Interesting and/or cool stuff I've come across from art, design, technology, photography, movies I've watched and liked and, occasionally, my thoughts.

Birth (Jonathan Glazer, 2004)

Noted, February 2024

Collected bits and pieces I’ve noticed this month.

In “Rethinking the startup MVP: Building a competitive product” Linear co-founder Tuomas Artman argues how it’s more and more unlikely your MVP has to prove an idea, but rather that it has to execute an idea better than the others have.

Legendary car designer Marcello Gandini has passed. He was the designer behind for the iconic Lamborghini Countach, an even more shard-like Lancia Stratos Zero concept car and played a part in shaping one of the most beautiful automobiles, the Lamborghini Miura.
via Wallpaper


“The job is not to invent, but to curate” says Josh Clark from Big Medium in “The Most Exciting Design Systems Are Boring”. Design systems should take the boring, the mundane off your (and your colleagues) hands so you can solve some new problems instead.


In more sad news, Tiny Letter was shut down. I miss Pome.


And in even more sad news, A Book Apart also closes.


Chris Coyer shares his thoughts on what’s going on with CSS Tricks post selling it to Digital Ocean. I learned so much from CSS Tricks and the tone of the site was so friendly and approachable, what a bummer.


And wrapping it up with CSS, Richard Rutter rebuilds a Creative Boom article page with no media queries, just fluid type. Cool.

More bike.

"And on and on — bikes. Why? Because as any bike lover will tell you, to be ensorcelled by the bike is to crave one and only one thing: More bike."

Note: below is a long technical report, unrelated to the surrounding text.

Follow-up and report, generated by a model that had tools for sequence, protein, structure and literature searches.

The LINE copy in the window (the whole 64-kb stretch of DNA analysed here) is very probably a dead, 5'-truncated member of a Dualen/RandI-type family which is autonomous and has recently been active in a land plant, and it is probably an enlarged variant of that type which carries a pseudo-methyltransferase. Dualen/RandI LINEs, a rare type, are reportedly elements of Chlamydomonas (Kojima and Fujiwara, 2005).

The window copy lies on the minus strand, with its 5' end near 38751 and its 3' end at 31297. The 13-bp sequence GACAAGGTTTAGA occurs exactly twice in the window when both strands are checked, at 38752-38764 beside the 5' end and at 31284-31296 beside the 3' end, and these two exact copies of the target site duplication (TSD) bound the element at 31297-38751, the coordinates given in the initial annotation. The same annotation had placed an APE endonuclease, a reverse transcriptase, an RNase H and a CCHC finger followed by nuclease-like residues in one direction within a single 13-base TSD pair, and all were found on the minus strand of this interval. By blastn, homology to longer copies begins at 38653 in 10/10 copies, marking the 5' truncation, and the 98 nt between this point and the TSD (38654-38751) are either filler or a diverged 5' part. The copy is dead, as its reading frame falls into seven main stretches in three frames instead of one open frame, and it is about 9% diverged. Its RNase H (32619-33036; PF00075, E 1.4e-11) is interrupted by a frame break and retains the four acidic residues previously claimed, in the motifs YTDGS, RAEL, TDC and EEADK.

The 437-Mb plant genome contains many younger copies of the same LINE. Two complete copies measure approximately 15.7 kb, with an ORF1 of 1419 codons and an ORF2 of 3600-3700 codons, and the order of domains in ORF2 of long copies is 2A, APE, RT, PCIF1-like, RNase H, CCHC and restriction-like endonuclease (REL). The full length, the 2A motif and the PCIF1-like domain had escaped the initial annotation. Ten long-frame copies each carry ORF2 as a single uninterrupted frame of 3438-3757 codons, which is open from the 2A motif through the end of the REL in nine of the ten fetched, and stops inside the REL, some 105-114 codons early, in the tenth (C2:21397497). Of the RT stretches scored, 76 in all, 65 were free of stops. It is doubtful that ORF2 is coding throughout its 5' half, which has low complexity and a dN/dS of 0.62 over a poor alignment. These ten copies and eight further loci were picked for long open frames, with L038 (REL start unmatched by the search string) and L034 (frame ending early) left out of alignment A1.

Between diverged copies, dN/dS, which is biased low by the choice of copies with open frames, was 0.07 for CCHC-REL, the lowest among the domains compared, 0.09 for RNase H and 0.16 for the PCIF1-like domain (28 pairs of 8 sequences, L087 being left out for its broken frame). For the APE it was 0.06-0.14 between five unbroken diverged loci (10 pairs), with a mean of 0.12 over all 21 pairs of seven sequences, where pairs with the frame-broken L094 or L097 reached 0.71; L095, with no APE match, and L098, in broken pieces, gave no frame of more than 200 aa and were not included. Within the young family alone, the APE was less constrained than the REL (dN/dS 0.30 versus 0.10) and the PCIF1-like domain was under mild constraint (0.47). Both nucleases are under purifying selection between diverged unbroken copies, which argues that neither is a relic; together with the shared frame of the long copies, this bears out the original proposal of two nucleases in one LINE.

Craig Mod on (electric) bicycles.

Noted, December 2023

Collected bits and pieces I’ve noticed this month.

Like many other platforms, Letterboxd posted their 2023 Year in Review.
Maybe I’m not using as many services anymore that can compile personalised a wrapped-style look back at a year, but I feel like I’m seeing fewer of them each year, which is a bit sad.
Speaking of movies, here’s an over-analytical analysis of the styles (authors words) of two batman movies – The Dark Knight and The Batman – by P.J. Onori.
via Sidebar
What I’m seeing more of than before is lists of 52 things (one for each week) someone has learned over the past year. Last year I found a list by Kent Hendricks, most probably via Jason Kottke who this time published his own, via which I discovered Tom Whitwell's.
For even more lists, here’s The Atlantic’s 81 Things That Blew Our Minds and a of The Best Articles We Didn’t Publish jealousy list by Rest of World.
I was watching the 25th Anniversary of Half Life documentary and found Gabe Newell’s “Late is just for a little while. Suck is forever.” version of a quote often attributed to Shigeru Miyamoto – “A delayed game is eventually good, a rushed game is bad forever.” – funny and no less educational.